April is National Stress Awareness Month. Stress affects us all at different times and in different ways, because stressors are all around us. As we wrap up the Spring semester and students are taking final exams, it is important to be aware of the stressors in our lives, how we are feeling, and making sure we practice self-care.
A little bit of stress can be exciting and healthy – like knowing that you’ll be graduating next month, or moving, or maybe starting a family or starting a new job, or taking a vacation. These kinds of stressors can be stimulating, keep you motivated, and help you achieve your goals.
Sometimes, though, the stress can become too much and overwhelm you. Personal events, illness, injury, job conflicts, or even internal thoughts and fears are stressors that cause distress and can have a negative impact on your health and well-being.
It’s important to be able to recognize the signs of too much stress, and to make sure you have the tools you need to get through it.
How do I know if I’m too stressed?
According to the Centers for Disease Control (source), some common signs of stress can be:
- Changes in your appetite
- Changes in your sleep habits
- Trouble falling asleep or staying awake
- Headaches, back pain, or stomach problems
- Anger, tension, irritability, or crying
- Wanting to be alone
- Difficulty concentrating or completing tasks
- Feeling sad, frustrated, or helpless
- Feeling fear and anxiety about the future
- Increased use of alcohol, tobacco, or drugs
What can I do to reduce my stress?
While stress is never going to go away completely, knowing how to better respond to and manage it can help reduce the negative impact stress has on your body and your mind. (source)
- Manage your time. Maybe you’re dealing with a project or deadline or juggling work, family, school, and more. Breaking it down into steps, actions, or time blocks can help you prioritize what you need to do. Try writing down on paper what you need to do; this will help you handle each item in a manageable, achievable goal that takes you to the next step.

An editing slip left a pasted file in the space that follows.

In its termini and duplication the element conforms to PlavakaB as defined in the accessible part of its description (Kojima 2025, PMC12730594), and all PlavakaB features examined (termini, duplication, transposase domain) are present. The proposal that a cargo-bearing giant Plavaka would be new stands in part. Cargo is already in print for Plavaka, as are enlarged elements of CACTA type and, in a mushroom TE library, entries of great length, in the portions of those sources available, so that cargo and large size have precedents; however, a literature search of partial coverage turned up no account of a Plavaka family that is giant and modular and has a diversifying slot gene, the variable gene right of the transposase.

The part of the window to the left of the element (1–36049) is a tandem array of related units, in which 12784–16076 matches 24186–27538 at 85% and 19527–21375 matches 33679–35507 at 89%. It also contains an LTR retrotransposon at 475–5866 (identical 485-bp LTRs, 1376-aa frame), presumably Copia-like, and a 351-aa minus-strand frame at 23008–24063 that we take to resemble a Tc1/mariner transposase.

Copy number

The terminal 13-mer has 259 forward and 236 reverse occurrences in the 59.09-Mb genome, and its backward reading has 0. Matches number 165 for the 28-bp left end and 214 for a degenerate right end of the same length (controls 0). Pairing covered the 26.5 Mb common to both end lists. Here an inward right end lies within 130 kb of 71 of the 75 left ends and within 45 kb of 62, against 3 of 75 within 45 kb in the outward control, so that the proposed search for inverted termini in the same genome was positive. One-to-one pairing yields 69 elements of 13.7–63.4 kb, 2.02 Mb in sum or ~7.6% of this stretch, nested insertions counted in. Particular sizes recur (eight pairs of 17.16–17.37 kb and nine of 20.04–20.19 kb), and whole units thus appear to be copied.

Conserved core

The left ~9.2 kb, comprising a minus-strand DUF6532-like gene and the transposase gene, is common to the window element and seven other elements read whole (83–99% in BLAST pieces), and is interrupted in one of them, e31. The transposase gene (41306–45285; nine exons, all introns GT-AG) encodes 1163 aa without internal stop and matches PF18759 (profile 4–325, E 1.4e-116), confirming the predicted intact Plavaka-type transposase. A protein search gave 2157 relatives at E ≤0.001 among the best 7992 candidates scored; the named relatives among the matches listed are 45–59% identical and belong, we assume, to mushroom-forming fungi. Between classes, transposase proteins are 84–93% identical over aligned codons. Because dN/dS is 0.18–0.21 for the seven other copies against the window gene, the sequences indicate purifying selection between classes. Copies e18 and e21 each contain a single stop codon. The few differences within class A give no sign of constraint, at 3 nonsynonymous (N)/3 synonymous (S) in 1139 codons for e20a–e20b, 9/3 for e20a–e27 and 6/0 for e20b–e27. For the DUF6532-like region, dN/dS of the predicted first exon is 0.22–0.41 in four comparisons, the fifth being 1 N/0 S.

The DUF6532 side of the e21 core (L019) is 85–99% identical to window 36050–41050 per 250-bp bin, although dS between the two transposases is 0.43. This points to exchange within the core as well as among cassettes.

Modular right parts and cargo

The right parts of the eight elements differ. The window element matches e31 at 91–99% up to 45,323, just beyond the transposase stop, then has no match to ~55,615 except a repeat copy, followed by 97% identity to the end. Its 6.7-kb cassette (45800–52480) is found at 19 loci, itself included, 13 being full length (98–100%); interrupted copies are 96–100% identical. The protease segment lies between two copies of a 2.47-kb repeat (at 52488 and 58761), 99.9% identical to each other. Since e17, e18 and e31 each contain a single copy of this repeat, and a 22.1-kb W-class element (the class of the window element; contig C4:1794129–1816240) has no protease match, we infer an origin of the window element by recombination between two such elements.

- Eat healthy, well-balanced meals. Drinking lots of coffee, sodas or caffeine, or consuming loads of sugar might work short-term to keep you going, but you’ll feel better in the long run with healthy snacks and balanced meals. Make sure you drink lots of water to stay hydrated.
- Physical activity boosts endorphins, and endorphins are the chemicals that naturally make you feel good. Take a walk, hit the gym, or take a fitness or yoga class if you can make the time. If you don't have time for a full workout, press pause on whatever you're doing, put on your favorite song, and have a 5-minute dance party!
- Take a break. Or more accurately, give yourself a break. Taking a deep breath and focusing on inhaling and exhaling can help you feel more calm and relaxed, and can lower your heart rate and breathing if you find those have sped up. Meditation and yoga can help you focus on breathing and allow you to feel less stressed.
- Hang out with your pets or loved ones. Being around people or things that make you happy can be the mental break you need. Pets are great at knowing when you might need a little support. Give them a hug or a cuddle and you'll instantly feel a bit better.
- Talk about it. Sharing your problems and how you’re feeling with your family, friends, loved ones, or even a teacher or instructor can help. If you're not comfortable with someone that close, a counselor or a doctor can help.
- Recognize when you need more help. Self-care is a first step, but it's ok to need more than that. If you or a loved one are struggling to manage stress on your own, talking to a psychologist, social worker, or counselor can help.
During finals week at Labouré, Student Affairs is hosting several free on-campus activities for students. Check out the schedule below, come take a quick mental break, and refuel.
Feeling stressed or overwhelmed at school? Contact Student Affairs any time at (617) 322-3579 or StudentSuccess@laboure.edu.